Preventing and Managing Allergies in your Little One


In recent years we have seen the development of allergies become more and more popular in infants and children. Up to date research believes this could be due to the fear developed a decade ago of introducing common allergen foods early in life. Research now tells us introducing allergen foods as early as possible is the best approach for allergy prevention.

What is a food allergy?

When the body treats a food protein as harmful. In response, the body’s immune system attacks the foreign food particles causing an allergic reaction.

Signs and Symptoms:

-Flushed, red or itchy skin

-Swelling of eyes, face, lips, throat or tongue

-Trouble breathing, speaking or swallowing

-Cramps, diarrhea, vomiting

Common Allergen Foods:




Milk products


Whole eggs


When Should They Be Introduced?

Recent research has supported early introduction of these foods to prevent the development of allergies in children. Introduction should begin at 6 months or earlier if the infant is showing signs of motor development to start introducing solid foods. This means allergen foods should be included in some of the first foods introduced to your child!

Read my post on the introduction of solid foods here!

We Now Know....

Delaying introduction of wheat and cereal grains beyond six months increases the risk of developing a wheat allergy (CPS, 2013).

Infants with high environmental exposure, but no oral exposure to peanuts are at greater risk of developing a peanut allergy (CPS, 2013).

It shouldn't stop at introductions, frequent consumption is just as important to prevent allergy development (CPS, 2013).

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Food Allergy vs. Food Intolerance?

A food intolerance does not include the immune system, therefore, signs and symptoms of an intolerance will be different than those listed for allergies.

For example:

An allergy to milk would be the body’s immune system rejecting the protein in milk. vs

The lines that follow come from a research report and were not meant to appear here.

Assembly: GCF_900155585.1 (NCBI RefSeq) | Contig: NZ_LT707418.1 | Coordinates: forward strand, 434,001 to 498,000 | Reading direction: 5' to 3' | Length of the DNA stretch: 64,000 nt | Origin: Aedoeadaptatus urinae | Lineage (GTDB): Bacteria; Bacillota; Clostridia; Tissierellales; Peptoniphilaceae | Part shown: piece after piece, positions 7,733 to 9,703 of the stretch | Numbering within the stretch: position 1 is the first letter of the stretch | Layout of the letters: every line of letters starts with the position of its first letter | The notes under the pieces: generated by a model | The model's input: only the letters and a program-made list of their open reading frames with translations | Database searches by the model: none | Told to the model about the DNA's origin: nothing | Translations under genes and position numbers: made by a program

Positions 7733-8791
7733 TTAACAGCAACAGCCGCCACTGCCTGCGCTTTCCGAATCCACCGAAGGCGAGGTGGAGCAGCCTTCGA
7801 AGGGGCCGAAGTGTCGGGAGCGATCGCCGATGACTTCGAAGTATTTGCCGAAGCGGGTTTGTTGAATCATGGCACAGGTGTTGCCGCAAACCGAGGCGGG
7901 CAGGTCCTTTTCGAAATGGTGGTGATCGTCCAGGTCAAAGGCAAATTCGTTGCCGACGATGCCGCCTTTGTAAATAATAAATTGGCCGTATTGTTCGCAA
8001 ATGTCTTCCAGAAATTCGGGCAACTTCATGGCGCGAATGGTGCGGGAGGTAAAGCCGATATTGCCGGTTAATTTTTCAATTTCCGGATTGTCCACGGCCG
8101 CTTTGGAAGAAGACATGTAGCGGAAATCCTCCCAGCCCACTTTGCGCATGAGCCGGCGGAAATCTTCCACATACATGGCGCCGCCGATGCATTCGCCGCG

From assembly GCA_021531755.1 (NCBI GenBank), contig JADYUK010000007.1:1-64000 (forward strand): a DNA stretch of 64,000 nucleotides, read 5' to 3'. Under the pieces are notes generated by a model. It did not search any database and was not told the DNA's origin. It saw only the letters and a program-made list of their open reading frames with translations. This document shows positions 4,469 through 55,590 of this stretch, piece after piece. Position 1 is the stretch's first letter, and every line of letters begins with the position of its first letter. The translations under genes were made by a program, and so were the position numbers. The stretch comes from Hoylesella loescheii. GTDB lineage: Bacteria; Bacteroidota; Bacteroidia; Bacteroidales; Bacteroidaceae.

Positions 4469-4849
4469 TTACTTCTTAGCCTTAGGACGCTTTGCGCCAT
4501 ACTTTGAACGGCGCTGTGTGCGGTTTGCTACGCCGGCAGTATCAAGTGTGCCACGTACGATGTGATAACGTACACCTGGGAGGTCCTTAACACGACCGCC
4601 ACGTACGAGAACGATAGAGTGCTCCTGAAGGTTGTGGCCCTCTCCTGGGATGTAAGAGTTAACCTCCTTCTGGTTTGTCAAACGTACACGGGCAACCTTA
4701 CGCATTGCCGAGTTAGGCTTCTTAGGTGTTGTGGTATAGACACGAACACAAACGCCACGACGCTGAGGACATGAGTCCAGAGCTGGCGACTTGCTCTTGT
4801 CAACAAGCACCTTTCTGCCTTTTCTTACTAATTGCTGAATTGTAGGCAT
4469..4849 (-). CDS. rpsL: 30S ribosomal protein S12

An intolerance to milk would be the body not being able to break down the sugar molecule “lactose” in milk causing bloating and gas.

~A lactose intolerance often means milk can be consumed in small amounts.

~A milk allergy means no milk should be consumed due to life threatening signs and symptoms.

Is My Child at Higher Risk?

If yourself as a parent or the infants siblings have a common allergy, your infant may be at risk as well.

Proceed with cation when introducing allergen foods at six months.

What To Do If You Suspect An Allergic Reaction:

If you think there may be a small sign of an allergic reaction in your child, stop giving the food to your child and discuss with your family doctor before trying again.

If signs and symptoms are severe, immediately call 911. Avoid giving child medication that could cause them to fall asleep during the reaction.

Should I Be Scared To Introduce Allergen Foods?

Do not be fearful of introducing allergen foods! If your child has a higher risk due to hereditary reasons, as always watch and be mindful when introducing common allergen foods.

Should I Avoid Allergen Foods During Pregnancy or Breastfeeding?

Avoiding allergen foods during these critical periods of development could put your infant at greater risk of developing food allergies. Consume allergen foods frequently while pregnant or breastfeeding.


How Should I Go About Introducing Allergen Foods Now That I Know The Importance?

~Introduce 1 at a time.

~Watch the reaction.

~Be mindful of signs and symptoms.

~Wait 2 days before introducing new common allergen foods, this ensures you know which allergen food causes a reaction if signs and symptoms appear.

What Investments Should I Make?

If your infant or child has an allergy, they are at increased risk of experiencing anaphylactic shock which includes: difficulty talking, breathing, a drop in blood pressure, increased heart rate and unconsciousness.

While allergens are easy to keep out of the home, they are not easy to control in community based settings such as schools or restaurants. You should invest in and carry around an epinephrine auto injector in case of an emergency.

Notify teachers, caretakers and other parents of where your child carries their Epipen incase of exposure to allergen.

Although these tools are expensive, have one use, must be re-purchased every year and need time and effort to receive, they are lifesaving in emergency cases.


Is an allergy lifelong?

20% of children can outgrow their allergies by the time they enter school!

To know if your child has outgrown an allergy, speak to your family doctor about testing, do not attempt to test an established allergy at home.

Hope the knowledge gained from this post can put you at ease while introducing common allergen foods into your infants diet!